I5 phased array probe and SI5 probe holders

This solution is based on a large aperture low-frequency phased array probe that is mounted on a holder. The probe is available in 0.5 and 1 MHz frequencies and features a 22 mm elevation and 1.5 mm pitch, enabling more energy to travel through thick and attenuative materials. The holder can be fitted with an encoder for manual encoded inspection or mounted on a GLIDER™ scanner for semiautomated 2-axis mapping. Like with the RollerFORM scanner, the ultrasonic beam is multiplexed across the probe’s elements while it is moved along the blade.

SI5-0L-AQ25-COD1978-4414MM holder model

SI5-0L-WHC-COD1978-4414MM holder model

I5 phased array probe

There are two main probe holders: the semicontact design positions the probe surface close to the part surface, whereas the AQ25 design features a 25 mm (1 in.) Aqualene delay line.

The semicontact holder is ideal for inspecting thicker sections of the blade. Its high-energy ultrasonic beam penetrates deeper into the part without any repeated surface echo. The drawback is an increased dead zone close to the surface.

The Aqualene holder improves the resolution near the surface and is therefore more adapted for thinner components (up to 40 mm [1.6 in.] thick).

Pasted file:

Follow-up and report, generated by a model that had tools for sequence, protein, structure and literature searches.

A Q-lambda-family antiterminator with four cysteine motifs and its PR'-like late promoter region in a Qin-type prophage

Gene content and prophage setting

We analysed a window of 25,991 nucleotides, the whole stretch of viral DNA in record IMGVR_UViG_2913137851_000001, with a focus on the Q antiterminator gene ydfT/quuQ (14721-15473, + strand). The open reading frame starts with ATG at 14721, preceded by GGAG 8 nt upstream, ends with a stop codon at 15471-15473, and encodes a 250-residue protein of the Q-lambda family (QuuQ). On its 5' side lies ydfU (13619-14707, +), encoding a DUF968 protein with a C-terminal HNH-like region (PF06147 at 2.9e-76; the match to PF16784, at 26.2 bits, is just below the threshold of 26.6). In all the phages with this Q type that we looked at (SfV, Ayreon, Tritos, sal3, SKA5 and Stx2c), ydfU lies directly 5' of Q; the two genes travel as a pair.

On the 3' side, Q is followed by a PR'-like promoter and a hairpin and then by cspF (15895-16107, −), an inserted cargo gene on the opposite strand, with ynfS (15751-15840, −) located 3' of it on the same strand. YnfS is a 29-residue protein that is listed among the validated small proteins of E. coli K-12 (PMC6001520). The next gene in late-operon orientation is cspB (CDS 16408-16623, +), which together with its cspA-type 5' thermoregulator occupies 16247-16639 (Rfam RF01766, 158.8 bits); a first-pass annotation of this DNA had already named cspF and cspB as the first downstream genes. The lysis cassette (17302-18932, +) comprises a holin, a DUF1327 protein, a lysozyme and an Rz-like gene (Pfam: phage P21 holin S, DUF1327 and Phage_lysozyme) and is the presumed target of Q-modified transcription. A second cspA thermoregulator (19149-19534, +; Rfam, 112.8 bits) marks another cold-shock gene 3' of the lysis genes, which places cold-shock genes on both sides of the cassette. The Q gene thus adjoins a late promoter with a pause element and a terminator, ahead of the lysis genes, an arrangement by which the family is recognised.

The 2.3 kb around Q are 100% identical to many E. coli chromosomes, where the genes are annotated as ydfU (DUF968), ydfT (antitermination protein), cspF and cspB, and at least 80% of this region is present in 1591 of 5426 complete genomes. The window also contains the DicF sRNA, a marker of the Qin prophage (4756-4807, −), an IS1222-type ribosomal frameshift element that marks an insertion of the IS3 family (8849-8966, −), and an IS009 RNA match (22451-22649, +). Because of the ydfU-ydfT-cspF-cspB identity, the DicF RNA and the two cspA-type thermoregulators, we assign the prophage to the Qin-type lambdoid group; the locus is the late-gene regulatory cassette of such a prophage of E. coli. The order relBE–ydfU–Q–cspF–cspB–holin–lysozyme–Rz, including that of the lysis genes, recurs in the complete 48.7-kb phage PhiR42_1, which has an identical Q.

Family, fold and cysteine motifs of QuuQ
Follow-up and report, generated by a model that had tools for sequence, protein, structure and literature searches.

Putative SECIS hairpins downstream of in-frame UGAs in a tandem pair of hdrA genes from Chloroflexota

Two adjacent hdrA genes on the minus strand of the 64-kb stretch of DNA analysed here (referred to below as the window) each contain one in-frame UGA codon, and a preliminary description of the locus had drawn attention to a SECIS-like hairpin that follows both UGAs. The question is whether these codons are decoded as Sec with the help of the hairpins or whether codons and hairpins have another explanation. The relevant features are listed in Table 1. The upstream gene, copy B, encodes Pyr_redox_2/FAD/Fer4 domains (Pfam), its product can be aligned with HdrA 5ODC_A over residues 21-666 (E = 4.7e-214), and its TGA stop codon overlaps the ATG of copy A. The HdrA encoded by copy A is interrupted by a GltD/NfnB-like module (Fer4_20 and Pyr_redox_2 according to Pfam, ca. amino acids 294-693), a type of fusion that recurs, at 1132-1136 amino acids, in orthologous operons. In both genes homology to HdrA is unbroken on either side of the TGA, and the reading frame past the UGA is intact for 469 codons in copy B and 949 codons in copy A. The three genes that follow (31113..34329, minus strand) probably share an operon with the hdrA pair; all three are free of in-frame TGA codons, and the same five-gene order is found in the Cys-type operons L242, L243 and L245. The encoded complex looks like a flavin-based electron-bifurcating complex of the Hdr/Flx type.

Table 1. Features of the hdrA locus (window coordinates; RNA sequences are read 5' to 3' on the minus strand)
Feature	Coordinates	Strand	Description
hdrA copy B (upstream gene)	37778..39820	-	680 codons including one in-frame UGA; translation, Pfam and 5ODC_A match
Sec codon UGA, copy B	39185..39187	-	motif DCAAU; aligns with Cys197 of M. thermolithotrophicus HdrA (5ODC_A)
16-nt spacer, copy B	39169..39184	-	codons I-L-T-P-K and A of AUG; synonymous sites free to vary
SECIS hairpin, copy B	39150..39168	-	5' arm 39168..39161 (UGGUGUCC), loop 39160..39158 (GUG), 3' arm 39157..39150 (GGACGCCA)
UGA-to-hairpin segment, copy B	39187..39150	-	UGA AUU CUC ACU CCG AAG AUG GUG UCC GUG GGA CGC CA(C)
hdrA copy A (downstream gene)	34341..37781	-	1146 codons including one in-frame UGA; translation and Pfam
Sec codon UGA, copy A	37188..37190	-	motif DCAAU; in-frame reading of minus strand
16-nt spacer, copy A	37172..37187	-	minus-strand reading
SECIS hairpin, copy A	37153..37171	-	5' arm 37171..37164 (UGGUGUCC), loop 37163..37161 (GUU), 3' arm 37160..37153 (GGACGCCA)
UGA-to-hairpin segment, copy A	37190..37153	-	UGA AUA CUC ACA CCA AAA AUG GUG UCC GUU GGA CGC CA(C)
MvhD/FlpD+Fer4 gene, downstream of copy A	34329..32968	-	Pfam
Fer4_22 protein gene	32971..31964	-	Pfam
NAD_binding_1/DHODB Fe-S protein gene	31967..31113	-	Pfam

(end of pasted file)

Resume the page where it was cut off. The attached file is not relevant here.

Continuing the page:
Both designs come in a flat or contoured variation. While the contoured model is ideal for scanning along the length of the blade, the flat model can be used to scan across the width.

M2008 delay line transducer and SM2008 holders

M2008 ultrasonic transducer with Aqualene wedges for wind blade integrity assessment


M2008 0.5 MHz probe


This ultrasonic testing (UT) solution represents an affordable option to assess wind blade integrity when coverage and C-scan resolution are less of a concern. This solution can also be used with a Mini-Wheel™ encoder or mounted on the GLIDER scanner for encoded acquisition. However, there are limitations to consider. Mapping a large surface will take more time than with our larger aperture solutions and the probability of detection (POD) for defects is not as high as when using phased array.